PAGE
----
The S&P 500 is closing in on its all-time high, and is likely to sail past it, as long as the Fed promises lower interest rates and the trade war calms down.Market Insiderread more
In a tweet, Trump said that he and Xi "had a very good telephone conversation," and that "our respective teams will begin talks prior to our meeting."Politicsread more
A Bloomberg News report Tuesday morning said the White House had looked at such a move in February.Marketsread more
President Donald Trump on Tuesday announced that he will not nominate acting Defense Secretary Patrick Shanahan to hold the position in a permanent capacity. Army Secretary...Politicsread more
Stocks surged after President Donald Trump said he will be meeting with his Chinese counterpart, Xi Jinping, at the upcoming G-20 summit.US Marketsread more
The move is part of a larger trend that saw the survey's 179 participants move away from risk and toward positions that reflect fear of a coming economic slowdown spurred by a...Marketsread more
Democratic frontrunner Joe Biden on Monday appealed to a billionaire Republican donor for fundraising help in his presidential campaign. But the financier, Trump-supporting...Politicsread more
Facebook and other groups are behind a new programming language for working with the Libra blockchain.Technologyread more
Tesla investors are regaining confidence in a quieter Elon Musk — even as they question the company's ability to hit its production goals for the second quarter.Autosread more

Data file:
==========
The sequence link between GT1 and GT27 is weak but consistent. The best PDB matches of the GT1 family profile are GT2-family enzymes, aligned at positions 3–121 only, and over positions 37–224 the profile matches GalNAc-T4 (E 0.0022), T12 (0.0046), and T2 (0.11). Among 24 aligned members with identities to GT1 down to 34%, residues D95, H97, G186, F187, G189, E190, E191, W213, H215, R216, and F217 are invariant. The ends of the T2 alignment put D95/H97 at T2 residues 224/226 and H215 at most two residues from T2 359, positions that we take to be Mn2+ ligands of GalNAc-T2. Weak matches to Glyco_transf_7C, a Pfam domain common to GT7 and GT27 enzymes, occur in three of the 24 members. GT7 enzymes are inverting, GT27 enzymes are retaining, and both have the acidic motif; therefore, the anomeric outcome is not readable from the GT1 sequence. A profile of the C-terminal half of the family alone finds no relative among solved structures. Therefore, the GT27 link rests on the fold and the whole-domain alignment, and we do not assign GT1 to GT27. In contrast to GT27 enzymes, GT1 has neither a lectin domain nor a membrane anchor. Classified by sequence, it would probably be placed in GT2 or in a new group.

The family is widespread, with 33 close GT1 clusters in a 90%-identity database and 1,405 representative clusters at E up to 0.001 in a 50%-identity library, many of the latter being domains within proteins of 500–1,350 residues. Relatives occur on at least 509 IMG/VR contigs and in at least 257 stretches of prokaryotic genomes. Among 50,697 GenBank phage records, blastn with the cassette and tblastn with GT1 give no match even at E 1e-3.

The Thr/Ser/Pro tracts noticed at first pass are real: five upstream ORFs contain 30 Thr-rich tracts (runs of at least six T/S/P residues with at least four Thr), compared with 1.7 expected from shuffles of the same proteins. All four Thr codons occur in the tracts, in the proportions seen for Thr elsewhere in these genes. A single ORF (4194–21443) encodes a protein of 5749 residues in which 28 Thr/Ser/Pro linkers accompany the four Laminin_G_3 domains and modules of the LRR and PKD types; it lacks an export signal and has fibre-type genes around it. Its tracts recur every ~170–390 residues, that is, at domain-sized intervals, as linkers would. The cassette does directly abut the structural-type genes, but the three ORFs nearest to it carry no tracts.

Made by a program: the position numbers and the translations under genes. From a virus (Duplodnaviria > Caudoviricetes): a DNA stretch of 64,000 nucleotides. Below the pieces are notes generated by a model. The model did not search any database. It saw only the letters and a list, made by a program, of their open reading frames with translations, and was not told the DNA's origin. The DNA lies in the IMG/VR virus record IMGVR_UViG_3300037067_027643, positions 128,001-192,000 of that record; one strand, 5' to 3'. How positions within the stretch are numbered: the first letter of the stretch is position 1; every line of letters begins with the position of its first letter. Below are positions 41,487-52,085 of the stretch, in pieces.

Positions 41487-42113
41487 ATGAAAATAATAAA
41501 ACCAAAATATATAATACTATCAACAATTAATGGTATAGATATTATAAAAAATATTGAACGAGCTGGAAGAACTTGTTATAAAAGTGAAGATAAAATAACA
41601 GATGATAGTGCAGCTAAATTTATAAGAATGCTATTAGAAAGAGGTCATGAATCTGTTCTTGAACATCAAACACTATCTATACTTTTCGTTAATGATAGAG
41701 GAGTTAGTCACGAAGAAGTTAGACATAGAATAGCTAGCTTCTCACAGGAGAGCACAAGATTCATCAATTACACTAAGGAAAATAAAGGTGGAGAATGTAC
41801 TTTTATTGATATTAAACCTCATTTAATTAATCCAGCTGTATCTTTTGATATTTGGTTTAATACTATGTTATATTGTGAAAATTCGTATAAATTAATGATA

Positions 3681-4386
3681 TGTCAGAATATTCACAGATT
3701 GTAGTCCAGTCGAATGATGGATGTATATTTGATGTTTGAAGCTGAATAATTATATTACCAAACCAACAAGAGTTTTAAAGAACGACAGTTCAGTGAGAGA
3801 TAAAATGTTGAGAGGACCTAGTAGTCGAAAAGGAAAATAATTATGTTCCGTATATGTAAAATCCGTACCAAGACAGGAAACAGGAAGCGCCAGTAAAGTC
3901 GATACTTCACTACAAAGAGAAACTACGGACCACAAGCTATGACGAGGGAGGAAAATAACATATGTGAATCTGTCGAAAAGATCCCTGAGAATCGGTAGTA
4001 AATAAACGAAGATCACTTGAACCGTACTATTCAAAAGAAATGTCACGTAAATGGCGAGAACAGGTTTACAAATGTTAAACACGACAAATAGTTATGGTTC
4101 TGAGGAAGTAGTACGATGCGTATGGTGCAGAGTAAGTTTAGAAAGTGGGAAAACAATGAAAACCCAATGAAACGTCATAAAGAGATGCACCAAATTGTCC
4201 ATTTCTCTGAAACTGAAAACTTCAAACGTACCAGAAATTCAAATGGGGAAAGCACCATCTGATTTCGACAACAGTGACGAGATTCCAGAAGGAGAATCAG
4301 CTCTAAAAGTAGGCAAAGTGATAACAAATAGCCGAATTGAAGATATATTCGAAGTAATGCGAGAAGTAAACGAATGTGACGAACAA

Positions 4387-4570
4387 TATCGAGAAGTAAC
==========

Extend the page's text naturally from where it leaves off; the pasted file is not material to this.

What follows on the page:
The major Wall Street analysts say Facebook's Project Libra has a bright future.Marketsread more
These are the stocks posting the largest moves midday.Market Insiderread more
As California faces a historic drought, more residents are looking to "graywater treatment" as a fairly easy way to cut their water use. The process takes used water from sinks, tubs and laundry washers, mildly treats it within the same building, then reuses the water on a property's landscape.
The process, sometimes dubbed "showers to flowers" or "laundry to landscape," is mostly used in the construction of single-family homes. The process to install a graywater system in existing infrastructure can be complicated and expensive.
"There's a lot of proposals, but nothing comes close to a graywater irrigation system," Steve Bilson, CEO of ReWater Systems, told CNBC. "You've got it all year-round. No one's going to make you stop doing your laundry and it's extremely cost effective."
The process can cost around $5,000 in a newly built home. While in existing homes, a simple version connected to a washer can cost about $2,500.
Read More How to fix California's drought problem
Bilson said the cost-savings is often realized within several years after upfront costs. Most recently, his company ReWater Systems, has been focusing on the construction of high end luxury homes in places like Malibu, California.
The Natural Resources Defense Council uses a graywater irrigation system in its Santa Monica office.
"Graywater is one way to reduce water since you're using water that otherwise would have gone to waste," said Steve Fleischli, the council's water program director.
Overall, Fleischli said this year, especially with Gov. Jerry Brown's recent announcement statewide cutbacks, residents are more conscious of their water usage.
"A lot of people are taking note and seeing there's a lot that they can do that they can help out," he said.
Correction: This version corrects the spelling of ReWater and Fleischli.